In my previous role as a health improvement specialist within the NHS, I underwent the train the trainers Applied Suicide Intervention Skills Training (ASIST), as well as training to deliver safeTALK. These two programmes of learning, combined with my own experience in emergency services and community development within the NHS, have given me an insight into some of the key things we can be doing to raise awareness, decrease stigma, and enable people to support each other in practice:
- Talk about it – if we can have a proper conversation, we can start to make changes. If we have the courage to ask the questions about suicide, we can address the taboo and stigma that surrounds suicide ideation. If we can better understand the complexity of the issues, we can then use our collective wisdom to support people, and everyone (not only those working directly in health and social care) can be empowered and enabled to make changes and save lives. This website: https://www.talkaboutsuicide.com, shares videos and real life experiences to give an insight and encourage people to talk about the issues.
- Education and training – community-based suicide awareness and intervention programs can help people to identify and respond to provide support to people at risk of suicide, and work together to create and sustain suicide-safer communities.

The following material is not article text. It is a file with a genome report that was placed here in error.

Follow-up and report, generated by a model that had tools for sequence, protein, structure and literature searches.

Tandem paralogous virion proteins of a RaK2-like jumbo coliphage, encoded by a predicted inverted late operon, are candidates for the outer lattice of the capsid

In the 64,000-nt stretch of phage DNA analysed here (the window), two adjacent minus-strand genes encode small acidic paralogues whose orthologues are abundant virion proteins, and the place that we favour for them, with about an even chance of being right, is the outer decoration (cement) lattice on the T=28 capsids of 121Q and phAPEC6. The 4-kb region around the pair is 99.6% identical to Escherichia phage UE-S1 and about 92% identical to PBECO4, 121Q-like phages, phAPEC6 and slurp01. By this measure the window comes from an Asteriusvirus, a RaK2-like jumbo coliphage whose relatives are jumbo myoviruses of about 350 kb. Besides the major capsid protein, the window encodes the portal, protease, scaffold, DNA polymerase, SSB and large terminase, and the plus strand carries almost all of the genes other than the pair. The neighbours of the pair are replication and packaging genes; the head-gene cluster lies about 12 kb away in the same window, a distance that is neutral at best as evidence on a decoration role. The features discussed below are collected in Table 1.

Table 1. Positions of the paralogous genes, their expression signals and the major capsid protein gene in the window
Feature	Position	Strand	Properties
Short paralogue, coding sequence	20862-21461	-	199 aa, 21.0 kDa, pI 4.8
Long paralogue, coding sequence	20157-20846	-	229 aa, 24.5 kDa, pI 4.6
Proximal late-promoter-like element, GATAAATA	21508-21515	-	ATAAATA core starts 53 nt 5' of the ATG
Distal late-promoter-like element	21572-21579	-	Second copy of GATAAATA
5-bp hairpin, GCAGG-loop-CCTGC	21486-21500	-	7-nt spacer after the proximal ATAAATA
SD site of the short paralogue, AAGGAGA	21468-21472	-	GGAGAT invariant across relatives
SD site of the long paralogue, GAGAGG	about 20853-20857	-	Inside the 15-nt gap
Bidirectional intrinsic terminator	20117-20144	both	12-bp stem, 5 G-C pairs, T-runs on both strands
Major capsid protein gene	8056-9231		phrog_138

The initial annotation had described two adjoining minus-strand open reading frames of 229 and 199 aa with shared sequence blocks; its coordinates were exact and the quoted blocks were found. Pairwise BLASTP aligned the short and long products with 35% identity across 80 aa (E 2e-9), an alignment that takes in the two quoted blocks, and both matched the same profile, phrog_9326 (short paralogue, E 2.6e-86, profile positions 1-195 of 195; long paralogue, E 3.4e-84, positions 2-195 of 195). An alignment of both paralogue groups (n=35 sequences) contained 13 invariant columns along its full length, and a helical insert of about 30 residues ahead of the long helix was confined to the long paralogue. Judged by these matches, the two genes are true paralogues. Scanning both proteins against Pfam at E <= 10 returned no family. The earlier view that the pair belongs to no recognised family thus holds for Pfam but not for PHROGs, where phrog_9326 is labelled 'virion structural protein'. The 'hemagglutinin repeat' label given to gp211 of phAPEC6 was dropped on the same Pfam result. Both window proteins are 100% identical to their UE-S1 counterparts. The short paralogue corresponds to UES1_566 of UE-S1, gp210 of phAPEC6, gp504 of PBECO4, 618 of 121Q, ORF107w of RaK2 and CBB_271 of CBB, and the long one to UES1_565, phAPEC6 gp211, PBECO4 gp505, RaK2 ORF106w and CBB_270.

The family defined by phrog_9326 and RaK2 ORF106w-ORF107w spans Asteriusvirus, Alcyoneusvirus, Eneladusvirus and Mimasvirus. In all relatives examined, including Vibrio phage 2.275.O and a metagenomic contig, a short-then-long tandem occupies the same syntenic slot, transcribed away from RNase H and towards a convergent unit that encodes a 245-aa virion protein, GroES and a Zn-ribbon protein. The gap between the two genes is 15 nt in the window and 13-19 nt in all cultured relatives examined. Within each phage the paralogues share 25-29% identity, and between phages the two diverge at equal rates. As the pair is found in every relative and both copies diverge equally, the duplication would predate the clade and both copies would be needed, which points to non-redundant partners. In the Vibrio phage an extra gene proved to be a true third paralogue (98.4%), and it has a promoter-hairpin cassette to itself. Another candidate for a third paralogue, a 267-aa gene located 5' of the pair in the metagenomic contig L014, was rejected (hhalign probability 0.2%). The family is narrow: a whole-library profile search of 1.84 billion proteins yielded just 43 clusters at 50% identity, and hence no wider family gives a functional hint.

- Make time – if we can make the time to listen and learn how to support people, then this is where the difference will be made.
- Appreciate and work with diversity – effective support relies on hearing a person’s individual story, validating the person’s internal world, allowing them to own their own experiences, and appreciating how they may be different to your own.
- Understand your own attitudes and beliefs around suicide – and how these may either hinder or support intervention and prevention.
- Don’t project your own framework onto people. An awareness of how to adopt a mentalising approach in conversations is helpful to do this.
- Active listening – really hear the person at risk and be with them in order to reflect back what you have heard with empathy not sympathy.
- Unlearn what you think you know – be open and curious, don’t ‘expect’ people to say certain things or act in certain ways, rather allow them to have their own unique and individual experiences, thoughts and feelings.
About the author
Chukumeka Maxwell is the Founding Director of Orchid Community & Associates Ltd, an organisation co-ordinating specialist training in suicide prevention, intervention and postvention. They are affiliated and part of the Devon and Torbay Suicide Prevention Alliance (DTSPA). He is also the Founding Director of Suicide Safer Communities CIC and a Mental Health Mentor.
Sowcroft E (2017) Suicide statistics report 2017. London: Samaritans. Available online: https://www.samaritans.org/sites/default/files/kcfinder/files/Suicide_statistics_report_2017_Final.pdf
LivingWorks Research and Evaluation: https://www.livingworks.net/resources-and-support/research-and-evaluation/
Department for Transport (2015) Reported road casualties in Great Britain, provisional estimates: January to March 2015 report. London: Department for Transport. Available online: https://www.gov.uk/government/statistics/reported-road-casualties-in-great-britain-provisional-estimates-january-to-march-2015